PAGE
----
Ukiah Daily Journal from Ukiah, California on March 18, 2004 · Page 10
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Ukiah Daily Journal from Ukiah, California · Page 10

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Ukiah, California
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Thursday, March 18, 2004
Page:
Page 10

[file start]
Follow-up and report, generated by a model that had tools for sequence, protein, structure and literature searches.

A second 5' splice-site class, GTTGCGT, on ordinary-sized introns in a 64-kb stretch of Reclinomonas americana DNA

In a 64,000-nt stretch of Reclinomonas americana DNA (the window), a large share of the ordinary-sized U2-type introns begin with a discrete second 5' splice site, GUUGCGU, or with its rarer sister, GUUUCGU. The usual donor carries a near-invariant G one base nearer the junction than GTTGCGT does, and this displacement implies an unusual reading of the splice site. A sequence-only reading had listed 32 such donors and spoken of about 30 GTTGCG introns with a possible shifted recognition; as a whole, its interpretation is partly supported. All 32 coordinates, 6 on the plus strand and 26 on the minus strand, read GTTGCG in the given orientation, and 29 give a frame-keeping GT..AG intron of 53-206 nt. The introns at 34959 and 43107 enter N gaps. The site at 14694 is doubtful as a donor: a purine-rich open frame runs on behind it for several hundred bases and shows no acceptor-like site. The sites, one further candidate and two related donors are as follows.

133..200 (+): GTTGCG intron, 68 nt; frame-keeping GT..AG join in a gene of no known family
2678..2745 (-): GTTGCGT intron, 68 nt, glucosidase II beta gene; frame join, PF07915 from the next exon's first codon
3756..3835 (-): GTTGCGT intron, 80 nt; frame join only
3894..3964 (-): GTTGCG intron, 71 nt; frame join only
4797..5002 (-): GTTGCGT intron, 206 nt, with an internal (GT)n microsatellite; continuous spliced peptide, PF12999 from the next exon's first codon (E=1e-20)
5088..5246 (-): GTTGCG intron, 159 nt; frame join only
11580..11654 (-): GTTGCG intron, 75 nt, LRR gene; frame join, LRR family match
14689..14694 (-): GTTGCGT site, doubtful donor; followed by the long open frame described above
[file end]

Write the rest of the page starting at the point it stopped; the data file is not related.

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10-THURSDAY, MARCH 18, 2004 LOCAL AND NATIONAL NEWS THE UKIAH DAILY JOURNAL The world briefly Car bomb destroys hotel in central Baghdad; 27 killed BAGHDAD, Iraq (AP) — A thunderous car bomb tore apart a five-story hotel catering to foreigners in the heart of Baghdad on Wednesday night, killing 27 people and showing the continued vulnerability of civilians to terror attacks just days before the anniversary of the start of the Iraq war. Flames and heavy smoke burst skyward from the Mount Lebanon Hotel, torching nearby homes, offices and shops. Rescuers pulled bodies from the rubble and searched for other victims of the attack, which wounded 41 people. There was no official word on who carried out the attack but a U.S. counterterrorism official, speaking on the condition of anonymity, said Jordanian Islamic militant Abu Musab al-Zarqawi is among those suspected of playing a key role. Dazed and wounded people stumbled from the wreckage, marked by a jagged, 20-foot- wide crater. A father cradled his young daughter, who was limp in his arms. Coated in dust, some rescuers dug through the debris with bare hands as uniformed firefighters fought the blaze and ambulance workers stood by with orange stretchers. Las Vegas police arrest man wanted in two dozen Ohio sniper shootings LAS VEGAS (AP) — The man wanted in a deadly string of sniper shootings that terrorized Ohio drivers was captured at a motel Wednesday after a tipster spotted him at a Las Vegas casino reading a newspaper story about himself. An unshaven and disheveled Charles A. McCoy Jr., 28, was arrested without incident less than 36 hours after Ohio authorities released his name as a suspect in the attacks. The arrest brought relief to Ohio residents who have been living in fear since the 24 shootings began in the Columbus area last year. The gunfire pierced homes and a school, dented school buses, flattened tires and shattered windshields, killing one person. "Once he started hitting random other places, we felt like there was nowhere safe to go," said Aimee Wagner, 31, a chemistry professor who often travels Interstate 270 to teaching jobs in the Columbus area. "I'm just happy he didn't get (he chance to lake another person's life." Islamic group claiming Madrid bombings calls truce with Spain CAIRO, Egypt (AP) — The Islamic militant group that claimed responsibility for ' last week's Madrid train bombings has called a truce with Spain to give the new government lime to withdraw troops from Iraq, a London- based Arabic-language newspaper said Wednesday. The Al Hayat daily newspaper said it received a statement from the Brigade of Abu Hafs al-Masri, which earlier said it orchestrated the bombings to punish Spain for supporting the U.S.-led war in Iraq. The blasts killed 201 people. Bui the United States believes the group, which ', lakes its name in memory of ; al-Qaida's fallen No. 3, lacks ; credibility and its ties to al'. Qaida are tenuous. In the past, ', the group has made claims about various events to which it was not connected — such as blackouts last year in the United States, Canada and London. ' Kerry criticizes Bush's Iraq policy, Cheney challenges Democrat WASHINGTON (AP) — Democrat John Kerry assailed President Bush on Wednesday for clinging to a failed policy that leaves Americans mired in Iraq "with the target squarely on their backs" while Vice President Dick Cheney argued that his boss' rival lacks the judgment to be commander in chief. Marking the first anniversary of the invasion of the Persian Gulf nation, Kerry delivered a broadside to the incumbent's strategy toward Iraq, focusing on the unending hostilities, alienated allies and the loss of lives. As the presumptive nominee spoke, an explosion at a Baghdad hotel that killed more than two dozen was a stark reminder of the perils in postwar Iraq. Cheney, speaking on the other side of the country, praised Bush's victories in the war on terror and portrayed his boss as a strong, decisive leader — characteristics required for a wartime president and ones, he argued, that the Democrat lacks. The vice president devoted much of his speech to criticizing Kerry, citing his Senate votes against weapons and defense spending, and his opposite stands on Iraq. Pentagon to withhold up to $300 million from Halliburton WASHINGTON (AP) — The Pentagon plans to withhold about $300 million in payments to Halliburton Co. because of possible overcharging for meals served to troops in Iraq and Kuwait, defense officials said Wednesday. Starting next month, the Defense Department will begin withholding IS percent of the money paid to Vice President Dick Cheney's former company on a multibillion-dollar contract to provide services such as food, housing, laundry and mail to American forces in Iraq. Halliburton spokeswoman Wendy Hall said the company disagreed with the decision and hoped to persuade the Pentagon to drop its plans. If the Defense Department does withhold the money, Halliburton will in turn with- hold 15 percent of its payments to its subcontractors, Hall said. The withholding won't affect Halliburton's bottom line, Hall said. Company executives told Wall Street analysts last week the company was taking in about $1 billion a month from its operations in Iraq. The company has set aside $141 million to settle the overcharging allegations and already has repaid about $36 million. America in 2050: Minorities rise to half population, more elderly WASHINGTON (AP) — For as long as there has been an America, whites have made up a clear majority. But that will change by 2050 when minority groups will be 49.9 percent of the population, the Census Bureau says. Asians and Hispanics will see the most dramatic increases between now and midcen- tury, when the U.S. population will have grown by almost 50 percent to reach 420 million, according to bureau projections being released Thursday. America will get older, too. Nearly 21 percent of its residents will be age 65 or older, compared with 12 percent now. The data highlight trends long predicted. But racial and ethnic changes are taking shape faster than expected, due in large part to higher- than-forecast immigration rates for Asians and Hispanics, said Greg Spencer, a bureau demographer. Whites now represent 69 percent of the population, but their growth is slowing because of low rates of birth and immigration. Their total will grow 7 percent to 210 million, or 50.1 percent of the population, in 2050.. Lost Coast Motorcycles of Ukiah L.L.C. (707)462-5160 1125 S. State Street, Ukiah CALL 1-800-828-WDE TO LOCATE YOUR LOCAL SUZUKI DEALER Ofl VISIT US ON THE WEB AT WWW.SU2UKI.COM. ~ Hunt iwM pwwl WrtKM. Niwr rife on public roads. Never cany paswnjera w engage In stunl riding. Riding and alcohol or other drugi don't ink. Avow wctohe apeedi. Be extra caraU on iWIWl ten*. SiuuW engineered UwlT-Z400 : OnVteiut^ to c^ mW{*^ irraw monthly payment! on any other tuJmcet on your account (Including optional Insurance charges) are no) paid when due, « Duett promotional teran miy be terminated. Standard account terms apply to non-promotional purchases and, •n*prorw*ner*»yowprorrrti«ialpun*^ APR of 24.75% ipfUlw » ptymtna in more thin 30 days tote. Minimum payments ol 3% of balance or (to, whichever r St. Pat's experiment Nokomis School kindergartner Andrew Anderson, right, demonstrates Tuesday how his trap made from recyclable materials will capture a leprechaun. The traps, set on the eve of St. Patrick's Day, culminate a two- week curriculum using the leprechaun myth in classroom instruction. Raquel Brown and other Nokomis kindergartners, below, inspect their leprechaun traps Wednesday morning. White no leprechauns were found, the children did find suspicious evidence - little black treasure pots, gold chocolate coins, shiny letters and other goodies strewn about the classroom. Amy Wellnitz/The Dally Journal Make the News a Part of Your Children's Education The Ukiah OURTiAL Your ONLY Local News Source.